China, South Korea Seek Cooperation in Disarming North Korea

by Cynthia Kim and Sam Kim  |  published on January 10, 2016

China urged a return to disarmament talks with North Korea in response to South Korea’s call for tougher sanctions after Kim Jong Un’s regime conducted its fourth nuclear test.

Chinese Foreign Minister Wang Yi told his South Korean counterpart Yun Byung Se by phone on Friday that efforts should be made to pave the way for negotiations on nuclear arms in North Korea, according to a text message from South Korea’s foreign ministry on Saturday. U.S. Secretary of State John Kerry urged China on Thursday to support a more aggressive approach with Pyongyang. The international community needs to coordinate on pursuing sanctions, Yun told Wang.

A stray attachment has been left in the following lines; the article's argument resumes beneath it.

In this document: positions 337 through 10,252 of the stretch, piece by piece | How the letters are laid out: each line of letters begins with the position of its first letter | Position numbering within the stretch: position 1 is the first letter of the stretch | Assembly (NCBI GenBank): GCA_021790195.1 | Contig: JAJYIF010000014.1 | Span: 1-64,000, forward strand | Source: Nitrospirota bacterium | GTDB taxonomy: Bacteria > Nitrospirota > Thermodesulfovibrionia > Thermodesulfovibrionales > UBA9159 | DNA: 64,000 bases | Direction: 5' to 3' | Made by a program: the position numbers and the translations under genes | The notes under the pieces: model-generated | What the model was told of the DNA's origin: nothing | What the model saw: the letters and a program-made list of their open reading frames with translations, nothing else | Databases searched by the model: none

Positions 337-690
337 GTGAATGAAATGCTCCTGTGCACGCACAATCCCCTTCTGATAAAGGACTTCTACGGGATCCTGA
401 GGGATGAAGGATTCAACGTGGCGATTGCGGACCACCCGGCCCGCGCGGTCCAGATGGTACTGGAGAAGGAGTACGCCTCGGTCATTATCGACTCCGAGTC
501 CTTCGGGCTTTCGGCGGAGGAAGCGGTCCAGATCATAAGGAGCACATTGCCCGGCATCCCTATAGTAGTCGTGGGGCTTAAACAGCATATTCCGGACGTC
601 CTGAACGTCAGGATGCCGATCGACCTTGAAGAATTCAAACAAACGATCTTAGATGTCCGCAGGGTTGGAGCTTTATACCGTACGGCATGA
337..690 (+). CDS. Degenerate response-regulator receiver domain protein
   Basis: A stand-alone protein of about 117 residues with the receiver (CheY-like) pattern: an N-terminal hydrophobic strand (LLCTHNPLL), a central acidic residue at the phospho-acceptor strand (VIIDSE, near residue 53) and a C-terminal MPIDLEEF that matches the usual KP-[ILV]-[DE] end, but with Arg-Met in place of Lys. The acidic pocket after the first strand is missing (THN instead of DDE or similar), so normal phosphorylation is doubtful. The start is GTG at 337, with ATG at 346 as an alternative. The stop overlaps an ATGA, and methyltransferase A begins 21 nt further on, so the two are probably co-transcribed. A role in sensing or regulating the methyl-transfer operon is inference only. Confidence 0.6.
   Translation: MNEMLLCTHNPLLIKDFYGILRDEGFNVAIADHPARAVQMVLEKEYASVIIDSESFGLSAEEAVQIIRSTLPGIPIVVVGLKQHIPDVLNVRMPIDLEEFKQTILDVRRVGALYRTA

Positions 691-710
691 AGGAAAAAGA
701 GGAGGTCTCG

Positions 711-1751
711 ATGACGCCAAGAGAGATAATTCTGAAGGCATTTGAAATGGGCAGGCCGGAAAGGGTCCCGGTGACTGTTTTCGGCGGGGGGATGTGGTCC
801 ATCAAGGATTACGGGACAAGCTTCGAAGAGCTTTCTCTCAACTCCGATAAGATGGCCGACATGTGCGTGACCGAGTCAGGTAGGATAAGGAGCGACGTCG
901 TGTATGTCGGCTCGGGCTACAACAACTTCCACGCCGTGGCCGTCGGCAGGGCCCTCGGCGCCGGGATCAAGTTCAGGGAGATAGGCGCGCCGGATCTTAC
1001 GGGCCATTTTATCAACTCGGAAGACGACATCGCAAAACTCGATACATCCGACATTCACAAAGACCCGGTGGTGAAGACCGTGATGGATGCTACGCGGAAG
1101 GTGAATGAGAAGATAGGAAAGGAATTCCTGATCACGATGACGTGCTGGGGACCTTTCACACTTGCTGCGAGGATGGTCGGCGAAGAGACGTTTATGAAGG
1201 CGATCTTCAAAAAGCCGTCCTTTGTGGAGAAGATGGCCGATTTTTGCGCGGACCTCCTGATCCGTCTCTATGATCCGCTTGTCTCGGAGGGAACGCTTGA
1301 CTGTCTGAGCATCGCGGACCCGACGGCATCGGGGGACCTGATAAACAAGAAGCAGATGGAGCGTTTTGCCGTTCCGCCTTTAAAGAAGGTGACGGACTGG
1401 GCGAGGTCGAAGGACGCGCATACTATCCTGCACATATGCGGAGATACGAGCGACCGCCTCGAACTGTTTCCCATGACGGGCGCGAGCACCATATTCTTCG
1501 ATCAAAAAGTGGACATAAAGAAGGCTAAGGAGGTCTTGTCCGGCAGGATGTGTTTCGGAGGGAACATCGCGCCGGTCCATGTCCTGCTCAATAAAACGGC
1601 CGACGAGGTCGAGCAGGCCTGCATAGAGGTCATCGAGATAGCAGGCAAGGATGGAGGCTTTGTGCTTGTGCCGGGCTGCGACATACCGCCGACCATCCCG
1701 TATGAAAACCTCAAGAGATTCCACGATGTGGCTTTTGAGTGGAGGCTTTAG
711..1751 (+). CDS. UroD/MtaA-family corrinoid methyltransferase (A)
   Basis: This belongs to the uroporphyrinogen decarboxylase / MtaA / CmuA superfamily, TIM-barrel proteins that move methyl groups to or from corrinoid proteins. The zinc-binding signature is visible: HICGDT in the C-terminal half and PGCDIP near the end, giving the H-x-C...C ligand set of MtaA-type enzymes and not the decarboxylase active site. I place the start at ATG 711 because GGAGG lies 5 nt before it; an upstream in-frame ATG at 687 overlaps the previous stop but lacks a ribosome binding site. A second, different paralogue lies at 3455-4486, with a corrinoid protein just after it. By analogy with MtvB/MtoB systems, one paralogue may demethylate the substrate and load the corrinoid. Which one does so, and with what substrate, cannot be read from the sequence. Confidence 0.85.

As North Korea’s biggest trading partner, the pressure is on China to rein in Kim as the country’s isolation, as well as its economic structure, make it difficult for sanctions to be effective. South Korea responded to Wednesday’s surprise nuclear test by resuming loudspeaker propaganda broadcasts along the demilitarized zone, a move that has pushed the Korean peninsula “toward the brink of war,” Yonhap News cited North Korean Workers’ Party Secretary Kim Ki Nam as saying at a rally.

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